When San Francisco’s shelter-in-place order was announced on March 16, many city residents ran to the grocery store to stock up on things like canned goods and toilet paper.
Other residents went straight to their local dispensary. “The day of shelter in place was the busiest day we’ve ever had,” said Eliot Dobris, a spokesperson for the Apothecarium, a dispensary with three S.F. locations. “We’ve never had longer lines than that, including 4/20 and the first days of recreational sales in the state ever. Stores were just absolutely slammed.”
Dobris said people were also buying in larger quantities than normal, though things have finally started to stabilize a bit.
While customers are purchasing with regularity, their buying habits may be changing, at least in the short term. Cannabis delivery company Eaze said that since March 9, the company has seen sales of edibles rise from 15% to 30%, while the sale of the plant itself has decreased from 25% to 17%.
Vape sales have also slid from 33% to 25%.
This could be due to the fact that inhaling smoke into the lungs can increase a person’s risk of severe coronavirus. Though there have been no studies directly linking cannabis smoking to coronavirus, the disease can cause respiratory illness, which smoking or vaping can aggravate.
Dr. Michael Matthay, the associate director of critical care medicine at UCSF, told SFGATE that research has shown that smoke inhaled into the lungs can delay the clearance of the influenza virus. “Based on prior studies with other pulmonary infections, both bacterial and viral, it is highly likely that cigarette smoking and vaping will increase the risk of coronavirus pneumonia and increase its severity, though we don’t know to what extent.”
Weedmaps, often described as the Yelp of the cannabis industry, saw similar data over the past two weeks. “We have seen increases in edible sales, primarily in California,” said Travis Rexroad, Weedmaps’ director of communications. “We hypothesize people are looking for options that place less strain on their respiratory systems and that are more discreet.”
Rexroad also said traffic to the Weedmaps site has been up as much as 46% month-over-month, and they were on pace to see the number of new users who order on Weedmaps triple from the previous month.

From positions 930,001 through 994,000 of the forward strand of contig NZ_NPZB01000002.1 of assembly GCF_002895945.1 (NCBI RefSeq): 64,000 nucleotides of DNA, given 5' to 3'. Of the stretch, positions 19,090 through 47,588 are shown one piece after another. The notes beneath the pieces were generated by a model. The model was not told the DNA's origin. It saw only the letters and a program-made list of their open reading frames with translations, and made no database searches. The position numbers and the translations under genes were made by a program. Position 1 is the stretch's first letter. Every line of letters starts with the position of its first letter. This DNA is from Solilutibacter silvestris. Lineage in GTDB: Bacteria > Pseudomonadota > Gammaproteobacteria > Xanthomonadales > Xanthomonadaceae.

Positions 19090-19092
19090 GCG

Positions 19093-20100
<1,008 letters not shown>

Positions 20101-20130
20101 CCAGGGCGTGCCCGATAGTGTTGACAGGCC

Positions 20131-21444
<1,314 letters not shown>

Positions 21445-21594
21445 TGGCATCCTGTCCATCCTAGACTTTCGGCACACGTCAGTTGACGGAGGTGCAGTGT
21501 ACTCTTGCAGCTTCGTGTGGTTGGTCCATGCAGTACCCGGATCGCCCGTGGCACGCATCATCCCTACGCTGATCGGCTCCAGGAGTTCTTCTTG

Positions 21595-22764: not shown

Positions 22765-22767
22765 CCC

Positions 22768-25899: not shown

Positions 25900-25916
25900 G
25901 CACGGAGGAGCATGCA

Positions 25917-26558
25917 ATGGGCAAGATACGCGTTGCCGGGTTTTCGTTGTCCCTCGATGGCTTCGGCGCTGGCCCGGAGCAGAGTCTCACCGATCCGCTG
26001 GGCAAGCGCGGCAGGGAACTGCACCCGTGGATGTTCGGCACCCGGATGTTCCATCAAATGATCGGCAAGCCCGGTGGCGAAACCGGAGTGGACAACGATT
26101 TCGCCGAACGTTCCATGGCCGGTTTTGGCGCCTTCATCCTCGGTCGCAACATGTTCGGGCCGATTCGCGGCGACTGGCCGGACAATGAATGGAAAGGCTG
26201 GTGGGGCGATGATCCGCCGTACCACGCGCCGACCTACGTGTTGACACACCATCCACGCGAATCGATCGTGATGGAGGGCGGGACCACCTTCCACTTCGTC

Eaze said that since March 12, they’ve seen a 112% increase in sign-ups in S.F., with a 150% jump in first-time deliveries through the platform.
This increase in sales, as well as cannabis dispensaries’ designation as an essential business in many states, has been reflected in marijuana company stock prices. As the financial market continues to flounder, stock prices for cannabis companies have stayed steady or risen.
Some are even suggesting the financial downturn could pave the way for legalizing marijuana in more states. Taxes generated from marijuana sales have been a huge boon for states with legalization, and it could be a new revenue stream for states suffering from lost income after the pandemic is over.
It’s also one of the few industries that’s hiring right now. Eaze spokesperson Elizabeth Ashford said the company is hoping to get more drivers since the demand is very high for delivery.
Marijuana sales might have been even larger for San Francisco dispensaries in the past two weeks, but the businesses were closed for two days before Mayor London Breed added them to the essential businesses list. Dobris said he was concerned about where residents were going to obtain their product when health and safety should be of utmost importance.
“This is a particularly important time to be aware of where cannabis is coming from,” Dobris said. “You don’t know where black-market cannabis is coming from. It’s more important than ever to get it from a reputable source.”
Once the Apothecarium was open again, the company had to decide how they would make changes in favor of social-distancing practices. The store is encouraging customers to make all their orders online and wait for a text that says their order is ready before picking it up.
Dobris said they’ve also shifted some staff members to exclusively watch for six feet of space between patrons as well as to solely be responsible for cleaning surfaces.
Ashford said that while food delivery drivers made simple changes to their job, their business isn’t quite the same. “You can’t just drop a bag of cannabis at someone’s doorstep. You still have to verify ID and get a signature,” she said. “Drivers are wearing gloves and sanitizing between deliveries.”
And just as grocery stores aren’t exactly celebrating high sales volumes, neither are marijuana businesses. “This is a time when our sales are high, our volume is high, and normally that would be a wonderful thing, but a pandemic is not good for anyone,” Ashford said. “This is a very tough time.”
Tessa McLean is a digital editor with SFGATE. Email her at firstname.lastname@example.org or follow her on Twitter @mcleantessa.